Progressive Education found acceptance in the social turmoil of the late sixties. It was "kind." It was "fun." It was "child-centered." All of this was a form of jargon of the time which meant that it was condescending, assuming that the Black children in those classrooms were unable to achieve the same standard as the white students in the class. The result was that Black children were even more adversely affected than the white children (also adversely affected). Ten years ago 49% of 17 year old black males were functionally illiterate and there was a 30% drop out rate. It is worse now. (Those who "had a heart" for education were elected to our School Board over those who had A Plan. Marva Collins succeeds in her inner city Chicago schools because she sees potential excellence in every child and takes "learning disabled," "hyperactive," "ADD", et. al. and actually teaches them. Check out her reading list.)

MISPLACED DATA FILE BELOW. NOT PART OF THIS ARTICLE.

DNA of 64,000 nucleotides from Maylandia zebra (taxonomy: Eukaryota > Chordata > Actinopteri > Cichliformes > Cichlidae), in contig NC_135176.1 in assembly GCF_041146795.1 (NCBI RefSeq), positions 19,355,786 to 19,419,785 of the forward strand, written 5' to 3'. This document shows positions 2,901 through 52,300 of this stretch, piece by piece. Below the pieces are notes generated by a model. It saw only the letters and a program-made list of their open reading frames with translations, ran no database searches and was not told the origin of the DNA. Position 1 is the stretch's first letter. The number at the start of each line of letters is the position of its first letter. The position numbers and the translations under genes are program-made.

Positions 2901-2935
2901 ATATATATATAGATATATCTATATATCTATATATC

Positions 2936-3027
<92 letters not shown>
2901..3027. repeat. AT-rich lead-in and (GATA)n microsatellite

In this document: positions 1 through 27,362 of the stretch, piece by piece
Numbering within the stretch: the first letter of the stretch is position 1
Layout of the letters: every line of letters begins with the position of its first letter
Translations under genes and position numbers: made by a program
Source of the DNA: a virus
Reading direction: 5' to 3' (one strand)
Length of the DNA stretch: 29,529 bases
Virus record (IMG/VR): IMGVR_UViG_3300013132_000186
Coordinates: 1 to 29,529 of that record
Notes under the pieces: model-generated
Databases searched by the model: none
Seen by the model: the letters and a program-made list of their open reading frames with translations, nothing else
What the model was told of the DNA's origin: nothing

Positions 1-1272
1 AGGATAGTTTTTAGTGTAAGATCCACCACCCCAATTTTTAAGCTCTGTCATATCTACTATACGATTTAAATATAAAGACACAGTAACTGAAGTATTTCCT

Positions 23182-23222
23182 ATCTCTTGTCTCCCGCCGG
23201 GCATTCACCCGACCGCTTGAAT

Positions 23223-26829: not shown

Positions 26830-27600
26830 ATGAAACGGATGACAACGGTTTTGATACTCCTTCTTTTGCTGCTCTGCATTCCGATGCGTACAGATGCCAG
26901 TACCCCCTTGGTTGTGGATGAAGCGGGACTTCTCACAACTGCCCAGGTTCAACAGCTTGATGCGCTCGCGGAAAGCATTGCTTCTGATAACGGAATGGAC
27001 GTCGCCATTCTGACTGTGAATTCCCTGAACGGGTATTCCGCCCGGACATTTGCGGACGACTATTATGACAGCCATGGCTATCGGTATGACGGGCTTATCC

I discovered that reading instruction was political. Amazing! I thought that what my parents paid for in my university classes in education was based on what empirical research shows works to teach children to read, write, compute, and understand the world around them through history and science. No. In 1967 Ken Goodman wrote an article entitled "Reading, a Psycholinguistic Guessing Game" and a whole "movement" evolved. Meetings to rival Jonathan Edwards religious revivals brought newly "empowered" teachers out of their closets to hail the "new" classroom in which the child would be "empowered" with the teacher being the "guide on the side." They opted to follow the path of child development expert, Rousseau. Rousseau's novel Emile relates the tale of a boy whose tutor followed him around "teaching" as he was asked. Eventually, Emile was ready to read and, of course, at that point his tutor stepped up. Rousseau is touted as a WL (Whole Language) hero in Ken and Yetta Goodman's Whole Language Catalog, the bible of the WL Movement. The fact that Rousseau's only credentials at being an expert on child development was writing Emile and siring five children that he required his mistress to leave at foundling homes is disregarded. Paulo Frere is also one of the Goodmans' inspirations. This defrocked Jesuit priest was famous in Nicaragua for being a "liberation theologian" and is now highly regarded for his "liberation pedagogy." Michael Apple another of the Goodman's favorite WL philosophers sees the alphabet as the province of white children. Vygotsky sees schools as cultural laboratories. Of course, all of this was to occur in a values free environment, because religion has no place in a classroom.